20. ^ Cox, Jeremiah (June 5, 2008). "Two High Entrance Turnstiles, and Two High Exit Only turnstiles on the very narrow portion of the mezzanine that serves as an overpass between the two platforms". Retrieved December 13, 2016.
  21. ^ Cox, Jeremiah (June 5, 2008). "Another name tablet at Grand Ave-Newtown this one has a direction pointer for 54th Avenue underneath it". Retrieved December 13, 2016.
  22. ^ Cox, Jeremiah (June 5, 2008). "Looking down the Manhattan-bound platform at Grand Avenue-Newtown all the station columns look like boring columns of concrete with no forms in them or indentations giving them character". Retrieved December 13, 2016.
  23. ^ "MTA Neighborhood Maps: Grand Av Newtown (M)(R)" (PDF). Metropolitan Transportation Authority. 2018. Retrieved September 13, 2018.
  24. ^ Cox, Jeremiah (June 5, 2008). "hen the station opened their must have been a different staircase. There are two now fenced off staircases leading up from the Manhattan-bound platform up to the mezzanine when it is entirely outside of fare control. There is no place to put Queens-bound platform staircases because the mezzanine is only two thirds the width of the tracks and platforms here". Retrieved December 13, 2016.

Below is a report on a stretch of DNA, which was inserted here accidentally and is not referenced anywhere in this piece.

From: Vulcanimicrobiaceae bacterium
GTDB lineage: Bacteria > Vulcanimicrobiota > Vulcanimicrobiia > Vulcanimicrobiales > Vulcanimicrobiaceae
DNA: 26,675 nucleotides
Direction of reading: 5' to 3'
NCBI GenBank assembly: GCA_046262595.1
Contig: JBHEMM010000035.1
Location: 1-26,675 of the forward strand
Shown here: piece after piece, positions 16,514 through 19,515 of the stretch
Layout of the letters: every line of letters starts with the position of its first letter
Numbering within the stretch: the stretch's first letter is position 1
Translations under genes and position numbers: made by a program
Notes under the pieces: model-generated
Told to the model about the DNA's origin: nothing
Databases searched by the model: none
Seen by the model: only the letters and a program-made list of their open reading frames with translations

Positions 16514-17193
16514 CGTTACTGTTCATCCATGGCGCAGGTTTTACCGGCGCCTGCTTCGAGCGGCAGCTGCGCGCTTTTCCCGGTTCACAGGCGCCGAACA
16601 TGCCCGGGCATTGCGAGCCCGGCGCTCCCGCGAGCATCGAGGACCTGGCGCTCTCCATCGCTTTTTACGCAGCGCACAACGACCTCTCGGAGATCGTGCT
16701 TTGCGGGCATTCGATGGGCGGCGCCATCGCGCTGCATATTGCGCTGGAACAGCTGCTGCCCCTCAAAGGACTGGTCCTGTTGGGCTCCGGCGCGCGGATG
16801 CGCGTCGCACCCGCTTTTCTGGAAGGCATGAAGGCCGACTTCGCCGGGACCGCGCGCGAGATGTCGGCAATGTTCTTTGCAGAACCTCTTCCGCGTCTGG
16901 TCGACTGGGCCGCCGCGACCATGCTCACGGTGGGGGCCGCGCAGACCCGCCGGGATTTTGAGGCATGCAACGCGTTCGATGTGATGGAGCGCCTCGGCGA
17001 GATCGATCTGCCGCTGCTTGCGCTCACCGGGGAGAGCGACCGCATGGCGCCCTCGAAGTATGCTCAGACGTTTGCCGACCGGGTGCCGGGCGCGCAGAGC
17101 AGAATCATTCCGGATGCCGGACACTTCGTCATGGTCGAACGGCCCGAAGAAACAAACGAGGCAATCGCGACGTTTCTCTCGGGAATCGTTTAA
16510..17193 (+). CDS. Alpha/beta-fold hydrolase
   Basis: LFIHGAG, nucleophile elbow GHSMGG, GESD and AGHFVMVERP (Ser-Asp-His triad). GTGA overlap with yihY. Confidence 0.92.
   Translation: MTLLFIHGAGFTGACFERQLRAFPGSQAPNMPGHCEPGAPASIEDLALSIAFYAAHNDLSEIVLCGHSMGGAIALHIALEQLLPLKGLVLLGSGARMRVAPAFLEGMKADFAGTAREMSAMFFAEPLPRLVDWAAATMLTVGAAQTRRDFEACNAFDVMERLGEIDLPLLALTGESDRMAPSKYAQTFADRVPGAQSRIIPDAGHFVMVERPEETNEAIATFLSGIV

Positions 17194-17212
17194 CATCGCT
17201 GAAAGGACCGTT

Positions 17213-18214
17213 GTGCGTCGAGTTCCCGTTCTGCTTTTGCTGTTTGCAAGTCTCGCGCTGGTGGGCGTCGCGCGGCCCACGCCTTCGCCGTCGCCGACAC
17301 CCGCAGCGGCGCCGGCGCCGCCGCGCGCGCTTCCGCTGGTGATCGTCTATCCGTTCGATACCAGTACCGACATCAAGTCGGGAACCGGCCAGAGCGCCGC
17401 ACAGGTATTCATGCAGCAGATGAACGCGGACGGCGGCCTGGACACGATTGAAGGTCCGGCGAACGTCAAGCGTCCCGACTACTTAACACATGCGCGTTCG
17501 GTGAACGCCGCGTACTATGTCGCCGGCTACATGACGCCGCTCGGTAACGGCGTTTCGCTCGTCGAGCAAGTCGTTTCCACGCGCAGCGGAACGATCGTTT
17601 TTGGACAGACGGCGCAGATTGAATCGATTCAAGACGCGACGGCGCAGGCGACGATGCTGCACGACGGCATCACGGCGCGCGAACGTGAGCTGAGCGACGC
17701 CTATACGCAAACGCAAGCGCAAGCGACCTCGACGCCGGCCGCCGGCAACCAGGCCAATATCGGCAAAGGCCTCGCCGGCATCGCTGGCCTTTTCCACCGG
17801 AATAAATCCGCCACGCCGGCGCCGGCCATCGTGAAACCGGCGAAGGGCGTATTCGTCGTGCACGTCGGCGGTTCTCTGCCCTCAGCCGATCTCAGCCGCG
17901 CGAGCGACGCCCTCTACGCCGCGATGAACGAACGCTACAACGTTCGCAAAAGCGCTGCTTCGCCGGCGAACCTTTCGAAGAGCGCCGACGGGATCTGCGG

25. ^ Cox, Jeremiah (June 5, 2008). "Looking up a closed staircase from the Manhattan-bound platform that leads directly up to the mezzanine to a portion of it that is now outside of fare control". Retrieved December 13, 2016.
  26. ^ Cox, Jeremiah (June 5, 2008). "The mezzanine gets narrow, and the two separate sections of the mezzanine for trains in each direction ends making the entire 2/3 full width mezzanine outside of fare control". Retrieved December 13, 2016.
  27. ^ Cox, Jeremiah (June 5, 2008). "Looking down the mezzanine outside of fare control with the ugly black chain link fences visible on both sides segregating the area from within fare control". Retrieved December 13, 2016.
  28. ^ "R Train". January 13, 2015. Archived from the original on January 13, 2015. Retrieved July 12, 2016.CS1 maint: BOT: original-url status unknown (link)

External links